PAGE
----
Posting of Workers - Member States to take a harder line on non-compliance

Posting of Workers - Member States to take a harder line on non-compliance

As a result of irresponsible behaviour of certain companies posting workers in the framework of transnational provision of services, and respectively of certain recipients of services, EU Member States are toughening sanctions for failure to comply.

One of the significant issues targeted is the economic exploitation (i.e., labour abuses to the detriment of posted workers).

As regards the concept of economic exploitation, Member States are looking to bridge the legal gap between labour abuses in the meaning of existing national law provisions, and trafficking in human beings (defined as forced labour or services).

To that end, amendments are focused on aggravated economic exploitation, the aggravating factor being introduced mainly in relation to substantial underpayment, non-declaration of working hours, unsafe working conditions, poor housing.

In Belgium, the Social Criminal Code was amended to toughen inter alia the sanctions for failure to pay the remuneration due to workers.

Under certain circumstances, the failure to pay the minimum remuneration due in accordance with the applicable collective agreement, is sanctioned with imprisonment of six months to three years, and a criminal fine of EUR 4800 to EUR 56000, or with one of these penalties only, or with an administrative fine of EUR 2400 to EUR 28000. Fines are multiplied by the number of workers concerned and capped to maximum amount multiplied by 100.

The failure to pay the full remuneration due in accordance with the applicable collective agreement (i.e., including all due supplements), is sanctioned with criminal or administrative fines as well (multiplied by the number of workers concerned, and capped to maximum amount multiplied by 100).  

As regards criminal fines applicable to offences committed by legal persons, a specific way of calculation is laid down by the Social Criminal Code.

Moreover, the amendment introduces the definition of social dumping, and toughens most of the sanctions for failure to comply with the provisions of the Law of 5/03/2002 concerning the working, remuneration and employment conditions in case of posting of workers.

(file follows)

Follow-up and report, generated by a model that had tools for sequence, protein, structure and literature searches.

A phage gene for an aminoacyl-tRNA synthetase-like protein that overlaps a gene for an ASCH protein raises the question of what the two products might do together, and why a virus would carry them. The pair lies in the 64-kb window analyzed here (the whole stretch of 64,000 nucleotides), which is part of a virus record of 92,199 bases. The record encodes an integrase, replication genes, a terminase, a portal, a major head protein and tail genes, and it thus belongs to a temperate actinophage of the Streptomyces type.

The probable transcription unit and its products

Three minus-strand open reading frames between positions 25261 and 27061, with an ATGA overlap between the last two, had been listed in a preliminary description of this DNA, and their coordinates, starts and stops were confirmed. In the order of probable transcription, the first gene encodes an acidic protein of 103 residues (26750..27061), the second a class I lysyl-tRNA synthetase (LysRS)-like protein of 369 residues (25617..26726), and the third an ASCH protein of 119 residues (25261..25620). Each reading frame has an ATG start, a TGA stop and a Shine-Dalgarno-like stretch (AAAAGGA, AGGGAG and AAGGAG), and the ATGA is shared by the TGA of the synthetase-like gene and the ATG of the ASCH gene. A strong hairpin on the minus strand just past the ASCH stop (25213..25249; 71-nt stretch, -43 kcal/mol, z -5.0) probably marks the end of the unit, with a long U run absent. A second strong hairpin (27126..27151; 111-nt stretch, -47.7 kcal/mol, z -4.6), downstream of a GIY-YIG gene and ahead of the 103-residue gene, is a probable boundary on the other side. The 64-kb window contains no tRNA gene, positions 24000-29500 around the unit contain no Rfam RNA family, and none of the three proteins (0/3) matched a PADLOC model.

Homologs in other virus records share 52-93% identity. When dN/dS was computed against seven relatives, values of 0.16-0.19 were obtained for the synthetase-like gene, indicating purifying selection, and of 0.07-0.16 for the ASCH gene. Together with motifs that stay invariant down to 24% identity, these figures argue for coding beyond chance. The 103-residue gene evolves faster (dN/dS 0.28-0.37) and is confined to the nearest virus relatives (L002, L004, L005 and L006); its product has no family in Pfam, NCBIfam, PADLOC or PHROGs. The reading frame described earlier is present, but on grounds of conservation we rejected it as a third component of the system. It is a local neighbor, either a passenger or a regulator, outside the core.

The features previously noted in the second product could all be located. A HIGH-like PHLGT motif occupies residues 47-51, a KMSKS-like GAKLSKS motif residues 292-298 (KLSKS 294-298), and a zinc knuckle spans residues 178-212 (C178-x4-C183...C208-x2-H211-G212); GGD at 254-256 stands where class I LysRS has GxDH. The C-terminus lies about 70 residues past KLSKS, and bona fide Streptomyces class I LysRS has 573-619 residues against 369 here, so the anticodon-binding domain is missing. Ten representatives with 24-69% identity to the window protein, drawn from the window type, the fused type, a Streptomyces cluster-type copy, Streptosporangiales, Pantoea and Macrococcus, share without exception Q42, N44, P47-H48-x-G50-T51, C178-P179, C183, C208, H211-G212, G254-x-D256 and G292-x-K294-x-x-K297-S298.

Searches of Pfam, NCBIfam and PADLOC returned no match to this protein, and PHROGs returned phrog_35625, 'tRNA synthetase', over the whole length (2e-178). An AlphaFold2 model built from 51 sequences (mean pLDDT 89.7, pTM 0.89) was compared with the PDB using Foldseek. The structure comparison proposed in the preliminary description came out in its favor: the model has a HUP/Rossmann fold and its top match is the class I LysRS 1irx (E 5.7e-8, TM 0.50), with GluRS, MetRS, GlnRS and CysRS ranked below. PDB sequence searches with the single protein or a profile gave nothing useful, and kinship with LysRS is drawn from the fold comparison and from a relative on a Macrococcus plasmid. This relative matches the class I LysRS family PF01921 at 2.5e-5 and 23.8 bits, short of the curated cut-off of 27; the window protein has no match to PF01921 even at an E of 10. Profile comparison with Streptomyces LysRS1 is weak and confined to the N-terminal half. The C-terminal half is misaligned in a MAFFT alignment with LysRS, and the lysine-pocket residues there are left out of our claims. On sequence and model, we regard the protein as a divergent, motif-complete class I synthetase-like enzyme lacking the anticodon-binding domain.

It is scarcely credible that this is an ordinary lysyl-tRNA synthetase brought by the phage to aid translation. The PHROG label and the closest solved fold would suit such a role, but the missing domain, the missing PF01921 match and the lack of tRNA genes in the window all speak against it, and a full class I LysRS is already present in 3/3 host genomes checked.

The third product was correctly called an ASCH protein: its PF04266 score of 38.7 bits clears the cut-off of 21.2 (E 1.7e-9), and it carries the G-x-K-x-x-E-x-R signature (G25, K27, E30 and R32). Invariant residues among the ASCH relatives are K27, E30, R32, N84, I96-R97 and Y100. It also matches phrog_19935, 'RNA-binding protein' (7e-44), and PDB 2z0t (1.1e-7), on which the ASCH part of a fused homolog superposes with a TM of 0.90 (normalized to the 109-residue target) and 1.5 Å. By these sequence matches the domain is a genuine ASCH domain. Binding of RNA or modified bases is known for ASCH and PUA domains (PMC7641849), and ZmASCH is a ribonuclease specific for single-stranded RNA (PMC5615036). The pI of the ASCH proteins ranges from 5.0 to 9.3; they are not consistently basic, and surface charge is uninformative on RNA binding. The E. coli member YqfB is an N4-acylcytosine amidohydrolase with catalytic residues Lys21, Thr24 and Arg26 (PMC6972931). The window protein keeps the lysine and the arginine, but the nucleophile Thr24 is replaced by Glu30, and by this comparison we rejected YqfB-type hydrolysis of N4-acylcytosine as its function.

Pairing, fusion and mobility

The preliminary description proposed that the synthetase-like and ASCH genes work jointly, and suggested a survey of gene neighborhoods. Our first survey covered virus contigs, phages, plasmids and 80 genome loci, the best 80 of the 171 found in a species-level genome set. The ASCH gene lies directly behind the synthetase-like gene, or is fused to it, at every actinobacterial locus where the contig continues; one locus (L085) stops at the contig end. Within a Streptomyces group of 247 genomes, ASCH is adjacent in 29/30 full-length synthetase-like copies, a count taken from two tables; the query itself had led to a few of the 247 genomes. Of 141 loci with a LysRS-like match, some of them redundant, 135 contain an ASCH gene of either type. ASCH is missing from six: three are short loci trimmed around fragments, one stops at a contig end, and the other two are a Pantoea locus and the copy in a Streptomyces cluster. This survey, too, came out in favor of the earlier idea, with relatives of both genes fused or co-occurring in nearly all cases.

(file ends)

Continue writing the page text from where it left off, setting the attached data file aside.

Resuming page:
In the Netherlands, a bill recently brought to the House of Representatives introduces the offence of “serious disadvantage”, i.e., abusing vulnerable people at the workplace. In addition to the abuse, there must be a serious disadvantage such as substantial underpayment, breach to the working hours rules, poor housing etc.

We believe that most of the Member States will amend their national law to introduce/toughen sanctions for aggravated economic exploitation.

In what the payment of remuneration is concerned, a “sufficient remuneration” paid in agreement with the worker, might trigger substantial underpayment from the perspective of the host Member State law.

The determination of the remuneration due to posted workers might represent a laborious exercise, that implies the following steps:

· determination of the applicable collective agreement

· assessment of the applicable collective agreement considering inter alia the foreseeable duration of the assignment, work pattern and foreseeable conditions of work, the relevance of the concept of long-term posting and replacement condition

· assessment of relevant applicable statutory provisions

· application of the principle of favourability (where relevant)

Temporary work agencies and certain temporary employment undertakings are submitted to different rules, notably to the principle of equal treatment.

Concepts as “basic terms and conditions of employment”, “overall protection of temporary agency workers” as interpretated by the European Court of Justice case-law, and the relevance of collective agreements derogating from the principle of equal treatment, add a high degree of complexity in determining the remuneration due to workers hired out.

There are however solutions facilitating inter alia the calculation of the remuneration due to posted workers (high degree of efficiency especially for workers frequently posted to different Member States, for short duration assignments).

The Corporate Migration Centre (COMIC) EU wide network provides advice in labour and employment law, in particular posting of workers, using a compliance monitoring and management software.

The software exists since 2014 (designed by Ewald Oberhammer, Oberhammer Law in Austria), and to date contains the following features:

· "remuneration house" -verification and correction of the remuneration due on grounds of the applicable collective agreement

· monitoring the duration of the posting considering the replacement condition

· structured gathering and retaining of mandatory documents in the meaning of Art 9.1 (b) to (f) Directive 2014/67 as transposed into national law (including instantaneous translation into the requested language)

· automatic reminders as regards mandatory documents must be retained

· automatic monitoring as regards mandatory documents must be retained

· "document reports" for a large number of workers

· working time records generated by the mobile app Comic Go

· easy access by HR staff and by posted workers

The software represents the ideal solution for monitoring liability in subcontracting chains.

Tanel Feldman: